It’s not that I’m being poetical. Just pragmatic. Who leads the world today? I think they are the ones who write news and those who not only read but respond to the news. It is called Vox Populi… the voice of the people.
A writer has a two-fold obligation… to inform readers and to express opinions. A reader, on the other hand, has only one obligation…. to respond or to ignore.
The brilliance of this newspaper, TIMES OF ISRAEL, is that both voices are being heard. I always enjoy reading comments of readers, not only on my attempts at creative writing, but on comments on fine articles written by many well-informed and interested readers.
Currently it seems that two of the popular articles being published here and elsewhere around the globe concern themselves with the Polish-Jewish situation and with Israeli political mis-adventures.
Regarding the Polish-Jewish problem it is fair to say that friendly relations between them did, in fact, exist for almost 800 years. Jews were originally welcomed into Poland by the kings who ruled in Krakow.
Poland had long been an agricultural nation with a very large peasant population. The Polish crown wanted to develop the country into a mercantile one, and having heard of the success of Jews in the German-speaking lands, Poland opened its doors wide to Jews seeking new opportunities.
In the 18th century, Poland lost its independence and was partitioned into three separate ruling governments… Austria, Prussia and Russia. Under Austrian rule, mainly in Galicia, Jewish communities thrived and flourished. Some of the greatest rabbinical scholars lived and wrote in Galicia.
Prussia, under the rule of the German Kaisers, was also tolerant of its Jewish population, whereas Russia, on the other hand, ruled in the east of Poland-Lithuania, and Jews suffered frequently and tragically by Russian and Ukrainian (Cossack) pogroms. The most infamous of them was the Bogdan Chmielnicki pogrom which cost the lives of thousands of Jews.
When Poland regained its independence from the tri-patriate nations at the end of the First World War in 1918, it was faced with a large minority problem… too many Jews, Ukrainians, Lithuanians and Russians.
The Versailles Treaty required Poland to treat its minority populations fairly and equally. The largest of the minorities were the 12 percent of the Jewish population.
Poland’s first president was the world-renowned pianist, Ignace Paderewski, whose two passions were love of music and hatred of Jews.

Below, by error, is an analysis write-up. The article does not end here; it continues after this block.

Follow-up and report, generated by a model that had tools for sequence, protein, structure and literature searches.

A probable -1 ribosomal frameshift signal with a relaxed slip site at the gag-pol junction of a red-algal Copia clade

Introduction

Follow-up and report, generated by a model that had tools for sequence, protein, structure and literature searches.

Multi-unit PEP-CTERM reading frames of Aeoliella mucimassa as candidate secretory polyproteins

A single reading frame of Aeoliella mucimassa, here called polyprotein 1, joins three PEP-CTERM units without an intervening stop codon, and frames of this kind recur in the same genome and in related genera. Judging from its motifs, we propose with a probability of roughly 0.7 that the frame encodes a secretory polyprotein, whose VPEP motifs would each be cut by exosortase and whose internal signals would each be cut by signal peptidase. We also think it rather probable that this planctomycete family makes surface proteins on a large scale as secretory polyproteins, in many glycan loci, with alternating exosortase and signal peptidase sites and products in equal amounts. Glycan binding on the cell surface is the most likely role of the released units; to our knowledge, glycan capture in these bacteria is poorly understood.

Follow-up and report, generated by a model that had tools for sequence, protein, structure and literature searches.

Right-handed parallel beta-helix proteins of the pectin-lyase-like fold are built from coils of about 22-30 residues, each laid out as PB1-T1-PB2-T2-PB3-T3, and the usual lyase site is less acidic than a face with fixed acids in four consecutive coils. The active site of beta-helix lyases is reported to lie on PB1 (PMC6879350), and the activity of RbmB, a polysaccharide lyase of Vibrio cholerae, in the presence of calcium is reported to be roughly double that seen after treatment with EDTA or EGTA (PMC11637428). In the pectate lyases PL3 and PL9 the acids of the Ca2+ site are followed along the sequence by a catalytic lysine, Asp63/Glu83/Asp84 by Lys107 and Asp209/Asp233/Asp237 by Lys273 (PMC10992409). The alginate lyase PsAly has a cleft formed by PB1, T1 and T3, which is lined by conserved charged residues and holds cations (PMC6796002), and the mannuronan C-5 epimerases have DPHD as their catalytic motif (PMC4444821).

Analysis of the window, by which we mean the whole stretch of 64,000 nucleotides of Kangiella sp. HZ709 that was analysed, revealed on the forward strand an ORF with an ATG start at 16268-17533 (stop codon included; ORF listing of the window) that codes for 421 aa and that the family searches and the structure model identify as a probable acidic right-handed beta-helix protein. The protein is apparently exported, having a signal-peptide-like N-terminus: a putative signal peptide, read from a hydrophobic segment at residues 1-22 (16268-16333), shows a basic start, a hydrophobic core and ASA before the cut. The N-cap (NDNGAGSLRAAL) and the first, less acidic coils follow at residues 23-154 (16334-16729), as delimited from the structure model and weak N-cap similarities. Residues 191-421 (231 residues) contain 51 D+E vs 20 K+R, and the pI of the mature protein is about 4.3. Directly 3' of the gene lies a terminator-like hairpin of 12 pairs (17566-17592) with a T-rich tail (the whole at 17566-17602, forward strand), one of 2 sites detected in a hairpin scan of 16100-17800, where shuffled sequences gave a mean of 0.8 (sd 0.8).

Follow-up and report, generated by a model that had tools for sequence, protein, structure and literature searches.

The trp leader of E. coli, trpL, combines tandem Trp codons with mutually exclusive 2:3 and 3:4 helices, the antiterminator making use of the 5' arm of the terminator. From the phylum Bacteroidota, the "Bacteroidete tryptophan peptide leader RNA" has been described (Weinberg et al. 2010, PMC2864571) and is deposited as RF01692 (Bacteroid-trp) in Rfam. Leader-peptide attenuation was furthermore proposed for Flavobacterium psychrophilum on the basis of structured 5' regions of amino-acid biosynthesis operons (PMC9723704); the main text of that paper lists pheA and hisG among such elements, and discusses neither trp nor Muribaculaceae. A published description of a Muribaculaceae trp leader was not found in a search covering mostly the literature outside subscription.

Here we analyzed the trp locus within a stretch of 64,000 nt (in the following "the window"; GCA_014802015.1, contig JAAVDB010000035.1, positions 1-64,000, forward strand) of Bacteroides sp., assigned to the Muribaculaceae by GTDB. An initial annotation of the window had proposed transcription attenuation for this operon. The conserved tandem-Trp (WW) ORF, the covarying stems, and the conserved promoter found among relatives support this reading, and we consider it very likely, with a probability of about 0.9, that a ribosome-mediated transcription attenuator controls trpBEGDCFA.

But in the earliest years of the Polish republic there were many sincere Poles who respected their Jewish minority. Best-loved among them was the war hero, Marshall Josef Pilsudski.
From independence in 1918 to roughly 1930, Jews fared quite well in Poland. But in the 30’s, it embraced fascism and extreme anti-Semitism. Jews were beaten on the streets of most Polish cities, encouraged by the Polish Catholic Church,
It was the Polish Cardinal Augustus Hlond who wrote letters distributed to all the thousands of Catholic churches to be read at a Sunday mass. The letters urged Poles to boycott everything Jewish… all Jewish shops, Jewish lawyers, Jewish doctors, Jewish merchants.
But his letters contained only one bit of humaneness. While urging the boycott of Jews, the Cardinal wrote that it was forbidden to physically harm them.
It was a change from earlier times when the church closed its eyes to the brutalities suffered by Jews.
Instead, he encouraged their emigration from Poland. His well-known and oft repeated slogan was “Zydzie do Palestyna”….Jews, Go to Palestine.
. Tragically, most of 35,000 Polish Jews did not heed the advice.
On September 1, 1939, the free Polish nation ceased to exist. The rest is well-known history.
In 1945-46 a few survivors returned from the death camps to search for family members and their homes and property in Poland. They were not well-received by their former Polish neighbors who were now living in Jewish-owned homes.
The city of Kielce was a tragic place for returning Jews. Almost 50 of them were attacked and killed by Poles.
The village of Jedwabne, in the closing years of Nazi occupation, saw a horrible event. Local Poles gathered up some 300-350 Jewish survivors, locked them in a large barn, poured gasoline on the building and set it on fire. Every Jew who had survived the death camps was burned alive in Jedwabne.
Of these bitter and hateful occurances, there can be no comparison with the other news items regarding our Netanyahu and Company problems.
In 1948 we gained our independence and have been prospering and squabbling ever since. I guess that is what Jews are expected to do.
No further comment on bribery, corruption, fraud, and breach of trust is necessary. As the Hebrew expression implies…”ha maivin yavin”… the one who understands it, understands.
Thank God we have one hopeful word in our Hebrew lexicon. And it is “Shalom”, Peace.